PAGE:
This Generation’s Gift


Volume 138, No. 2, Friday, July 5, 2013

One of the lasting marks of this dairy generation will be the rebuilding of the industry’s research and training infrastructure at universities across the country.

From Penn State’s construction of a new Food Science building and pilot plants in 2006, to current plans to construct an all-new Center for Dairy Research adjacent to Babcock Hall in Madison, students, entrepreneurs and dairy industry staff are gaining unprecedented access to modern dairy pilot production, research and training.

The $105 million reconstruction of Stocking Hall at Cornell University, housing the food science department and Dairy Bar, is on schedule to be complete this fall, and commissioning of dairy equipment is already underway.

Jason Huck, general manager of dairy operations at the Cornell University dairy plant, reports that the university will add a dairy foods major and, through Cornell’s Dairy Foods Extension, three new certificate training programs are being prepared. These certificates will be offered for fluid milk processing for quality and safety, yogurt and fermented dairy foods, and cheese manufacturing.

These certificate tracks require attendees to complete multiple short courses and the certificate is offered after participants complete a written test and oral review.

The point is, new facilities reinvigorate education and training.

South Dakota State University’s new $9 million cheese and whey plant on campus, funded mainly by dairy manufacturers and dairy suppliers, offers students training in a facility that mirrors modern dairy plants. Prof. Lloyd Metzger, the Alfred Chair of Dairy Products Processing & Ingredients, notes that undergraduates and students pursuing a dairy manufacturing major at SDSU, train on the equipment and develop dairy foods and ingredients in the new facility.

In addition, Metzger said, dairy manufacturers are using the SDSU facility for staff training and through the Institute for Dairy Ingredient Processing, can rent equipment in the plant for product research and development.

Now the University of Wisconsin-River Falls joins the list of dairy pilot plants retooling for the next generation.

The Board of Directors of the Wisconsin Cheese Makers Association was pleased to announce last week that WCMA will join with River Falls to lead a $3 million fund-raising campaign to revitalize the dairy plant and store on campus.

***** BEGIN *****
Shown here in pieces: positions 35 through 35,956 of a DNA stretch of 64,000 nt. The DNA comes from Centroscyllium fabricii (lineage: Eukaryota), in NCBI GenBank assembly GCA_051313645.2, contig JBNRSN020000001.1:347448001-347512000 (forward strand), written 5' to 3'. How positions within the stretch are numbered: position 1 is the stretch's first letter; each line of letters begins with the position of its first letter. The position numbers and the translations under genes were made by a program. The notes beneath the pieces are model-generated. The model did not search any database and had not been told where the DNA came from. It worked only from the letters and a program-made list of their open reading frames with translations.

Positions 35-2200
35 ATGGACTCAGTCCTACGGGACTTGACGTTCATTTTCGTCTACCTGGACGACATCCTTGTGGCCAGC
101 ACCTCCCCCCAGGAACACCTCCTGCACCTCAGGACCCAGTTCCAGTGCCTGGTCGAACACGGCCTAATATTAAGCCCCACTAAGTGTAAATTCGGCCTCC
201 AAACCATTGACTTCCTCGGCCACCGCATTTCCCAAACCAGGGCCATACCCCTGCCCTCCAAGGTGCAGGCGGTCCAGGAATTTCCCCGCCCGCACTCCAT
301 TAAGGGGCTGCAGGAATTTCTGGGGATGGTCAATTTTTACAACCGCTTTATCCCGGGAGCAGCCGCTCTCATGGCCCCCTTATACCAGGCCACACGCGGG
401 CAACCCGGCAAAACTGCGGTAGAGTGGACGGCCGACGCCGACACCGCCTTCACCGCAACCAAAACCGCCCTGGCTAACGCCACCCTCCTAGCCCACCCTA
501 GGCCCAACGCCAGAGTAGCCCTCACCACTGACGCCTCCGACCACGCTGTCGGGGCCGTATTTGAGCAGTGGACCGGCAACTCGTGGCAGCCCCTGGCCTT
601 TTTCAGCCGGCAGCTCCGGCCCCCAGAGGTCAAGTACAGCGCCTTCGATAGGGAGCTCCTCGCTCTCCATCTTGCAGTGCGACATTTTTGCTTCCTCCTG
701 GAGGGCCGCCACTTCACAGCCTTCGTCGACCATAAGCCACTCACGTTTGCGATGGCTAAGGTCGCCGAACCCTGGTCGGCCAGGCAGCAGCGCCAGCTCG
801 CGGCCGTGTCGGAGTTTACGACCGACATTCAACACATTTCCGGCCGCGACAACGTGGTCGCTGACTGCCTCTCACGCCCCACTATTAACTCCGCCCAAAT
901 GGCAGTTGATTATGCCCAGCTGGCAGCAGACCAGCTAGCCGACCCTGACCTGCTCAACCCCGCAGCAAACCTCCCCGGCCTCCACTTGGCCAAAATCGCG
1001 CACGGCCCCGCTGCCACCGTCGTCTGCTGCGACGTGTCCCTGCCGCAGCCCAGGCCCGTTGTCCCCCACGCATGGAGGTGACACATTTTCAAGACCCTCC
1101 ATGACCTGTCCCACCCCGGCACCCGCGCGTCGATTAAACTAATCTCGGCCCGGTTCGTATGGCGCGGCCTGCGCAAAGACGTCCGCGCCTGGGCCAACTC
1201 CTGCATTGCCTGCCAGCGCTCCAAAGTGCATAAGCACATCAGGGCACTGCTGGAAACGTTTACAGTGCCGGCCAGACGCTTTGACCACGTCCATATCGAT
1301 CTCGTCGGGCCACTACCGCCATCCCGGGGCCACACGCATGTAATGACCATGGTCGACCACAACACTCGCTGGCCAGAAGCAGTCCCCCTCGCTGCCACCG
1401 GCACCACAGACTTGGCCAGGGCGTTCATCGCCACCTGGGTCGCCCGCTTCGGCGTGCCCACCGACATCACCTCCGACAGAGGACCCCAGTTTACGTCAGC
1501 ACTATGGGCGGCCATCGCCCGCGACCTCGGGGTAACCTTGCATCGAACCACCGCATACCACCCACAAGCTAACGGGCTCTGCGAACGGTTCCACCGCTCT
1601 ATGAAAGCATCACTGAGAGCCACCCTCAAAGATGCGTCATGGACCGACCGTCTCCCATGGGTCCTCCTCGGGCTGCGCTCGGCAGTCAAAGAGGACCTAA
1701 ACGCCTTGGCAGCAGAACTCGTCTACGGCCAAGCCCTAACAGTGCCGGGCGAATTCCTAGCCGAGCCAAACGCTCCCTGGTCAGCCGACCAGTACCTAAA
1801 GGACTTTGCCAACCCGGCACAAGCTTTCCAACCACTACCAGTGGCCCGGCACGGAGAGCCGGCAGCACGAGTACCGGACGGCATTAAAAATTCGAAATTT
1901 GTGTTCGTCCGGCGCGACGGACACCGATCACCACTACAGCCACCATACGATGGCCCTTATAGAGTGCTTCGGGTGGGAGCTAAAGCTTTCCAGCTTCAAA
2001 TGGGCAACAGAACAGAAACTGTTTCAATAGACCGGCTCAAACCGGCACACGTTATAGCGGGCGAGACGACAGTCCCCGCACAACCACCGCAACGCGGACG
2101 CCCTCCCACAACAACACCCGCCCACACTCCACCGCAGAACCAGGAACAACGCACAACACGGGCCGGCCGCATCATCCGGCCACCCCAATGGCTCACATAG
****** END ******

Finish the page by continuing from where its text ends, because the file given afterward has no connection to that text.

The WCMA Board pledged $100,000 to kick off this fund-raising campaign. And it’s worth noting that the Board also voted to join the fund-raising campaign for SDSU, pledging $50,000 to the new cheese plant in Brookings, SD.

At UW-River Falls, cheese production will move to a larger (formerly food) processing room and adjacent space will be renovated for whey production and raw milk processing. The former cheesemaking room will be converted to an ice cream and fluid milk processing area. This redesign will happen within the existing walls of the agriculture building, so the $3 million fund-raising campaign will focus on procuring and installing all-new dairy processing equipment and piping.

The University’s dairy retail store will also move adjacent to the new cheesemaking space, with viewing windows for the public.

Consider this column fair notice that the dairy industry in the Upper Midwest will be asked to consider investing cash or donated equipment to the UW River Falls renovation. This modest campaign will impact the hundreds of River Falls students who use the dairy facility for classes, the food processing students who make cheese, ice cream and fluid milk in the plant every day and dairy manufacturers in Wisconsin, Minnesota, Iowa and South Dakota who send their staff to the pasteurization short course and cheesemaking short course in River Falls each year.

Like the dairy staff at other universities, Michelle Farner, dairy plant manager at UW-River Falls, anticipates that the new facility will spur new education and industry training opportunities.

Prices rise and fall, Farm Bills come and go, and when this dairy generation looks back on its greatest accomplishments, they will remember the new dairy plants they helped build and the new training opportunities that opened up on campuses across the nation for the dairy processors of the future. JU

John Umhoefer has served as executive director of the Wisconsin Cheese Makers Association since 1992. You can phone John at (608) 828-4550; Fax him at (608) 828-4551; or e-mail John Umhoefer at jumhoefer@wischeesemakersassn. org

Other John Umhoefer Columns


 Government-Induced Uncertainty

 Decades Ahead on Food Safety
 Wisconsin’s Hot Winter
 A Successful Campaign for Babcock
 Ireland: Gearing Up For Growth
 Mired in Wash Water
 Less Government, More Dairy
An Interview With Jim Sartorii
The Other Solids Price Crush

 The Policy Answer Is Exports
 Rolling The Dice On Dairy Reforms
 Productive Changes In Wisconsin

 The Successful Idea Of DBIC
 Cheese Cuts Both Ways:
Consolidation and Growth
 IDFA's Deep Dairy Reforms
 Wisconsin In The Spotlight
 An Overbuilt Foundation

 What the New Governor Means To Wisconsin
 No Man's Land
 Dairy & Wisconsin’s New Leadership

Wisconsin Cheese Is Investing, Expanding
 Talking Competition
 Being Big Dairy
Phosphorous
Upper Midwest Prospects in 2010
Upper Midwest Growth: Perspectives From The Farm
Blue Skies or Bust
Pushing Back Against A Tough 2009
Support Demand, Not Price
Dairy: A Good Bet in a Bad Economy
Wisconsin's Future: Growth
Keeping Sustainability Real
Nose Dive
Dairy Dives into 2009
 UnCOOL
Consider This...
 Fulls Vats
Implement Make Allowances ASAP
Security Reforms
Spring Forward
A Week of Clarity






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